The streaming war has been hot, but it just got hotter as Disney launched its own streaming service last week (though not without a few hiccups).
The streaming war has been hot, but it just got hotter as Disney launched its own streaming service last week (though not without a few hiccups). There has been much speculation as to how this will impact Netflix‘s already slowing subscription rates. Initial reaction from Wall Street is surprisingly positive for Netflix, with stocks up 8% in the past week, but it’s far too early to tell the impacts long term.
What we do have insight into is how each company is approaching growth in the near term, by analyzing LinkUp’s job data. Job openings are presumed to represent an eventual hire, thus growth in job openings can indicate growth in business.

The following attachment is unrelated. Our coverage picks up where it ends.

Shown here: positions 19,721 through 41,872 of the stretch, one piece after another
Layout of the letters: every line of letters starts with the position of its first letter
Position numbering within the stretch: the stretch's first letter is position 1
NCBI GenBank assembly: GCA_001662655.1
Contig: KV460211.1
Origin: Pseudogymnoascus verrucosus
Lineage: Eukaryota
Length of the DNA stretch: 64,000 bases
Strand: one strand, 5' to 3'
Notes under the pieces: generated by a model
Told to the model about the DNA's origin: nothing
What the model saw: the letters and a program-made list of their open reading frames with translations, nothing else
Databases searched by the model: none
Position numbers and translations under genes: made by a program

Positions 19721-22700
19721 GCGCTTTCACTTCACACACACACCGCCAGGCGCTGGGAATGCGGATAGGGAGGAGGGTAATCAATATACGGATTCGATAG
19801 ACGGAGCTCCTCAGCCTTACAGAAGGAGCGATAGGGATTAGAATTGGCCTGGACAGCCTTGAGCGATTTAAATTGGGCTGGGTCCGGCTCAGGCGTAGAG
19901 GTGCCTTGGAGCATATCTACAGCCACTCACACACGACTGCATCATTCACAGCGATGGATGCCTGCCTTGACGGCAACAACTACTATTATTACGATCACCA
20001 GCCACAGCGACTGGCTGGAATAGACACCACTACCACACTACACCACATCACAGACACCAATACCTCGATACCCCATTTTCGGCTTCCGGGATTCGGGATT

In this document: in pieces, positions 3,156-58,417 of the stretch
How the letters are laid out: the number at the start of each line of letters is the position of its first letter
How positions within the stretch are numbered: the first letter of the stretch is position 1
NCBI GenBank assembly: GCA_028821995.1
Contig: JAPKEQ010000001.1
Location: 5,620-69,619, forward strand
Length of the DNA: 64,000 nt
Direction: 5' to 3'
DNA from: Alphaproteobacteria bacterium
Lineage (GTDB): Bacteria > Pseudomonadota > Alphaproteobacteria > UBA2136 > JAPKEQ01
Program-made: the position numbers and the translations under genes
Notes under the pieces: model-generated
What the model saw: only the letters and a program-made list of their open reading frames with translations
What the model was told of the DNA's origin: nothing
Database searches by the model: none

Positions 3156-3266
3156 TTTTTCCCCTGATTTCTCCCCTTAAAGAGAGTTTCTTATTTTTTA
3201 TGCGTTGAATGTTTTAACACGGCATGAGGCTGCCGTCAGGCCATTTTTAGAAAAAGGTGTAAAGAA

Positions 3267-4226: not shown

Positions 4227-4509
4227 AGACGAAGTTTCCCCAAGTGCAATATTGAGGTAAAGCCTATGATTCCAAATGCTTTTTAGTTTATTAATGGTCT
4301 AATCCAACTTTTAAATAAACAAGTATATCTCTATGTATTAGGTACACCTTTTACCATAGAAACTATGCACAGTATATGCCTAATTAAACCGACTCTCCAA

Increasingly, streaming services have had to produce high quality content to stay relevant among the competition. So we took a look at Netflix and Disney’s job listings data for positions specifically in art, design, entertainment, sports and media in recent months for clues.
This revealed that Disney has increased hires for these types of positions by almost 50% in recent months, compared to Netflix which has seen flattened hiring for these roles during the same period. This could suggest that Disney is ramping up original content for its streaming service, while Netflix is backing off. Disney has a much more robust background in the production of original content, so it would be smart of Netflix to ramp up its own production efforts if they really want to compete, but that’s not happening thus far.
Interested in the job market data behind this post? Contact us to learn more about LinkUp job data.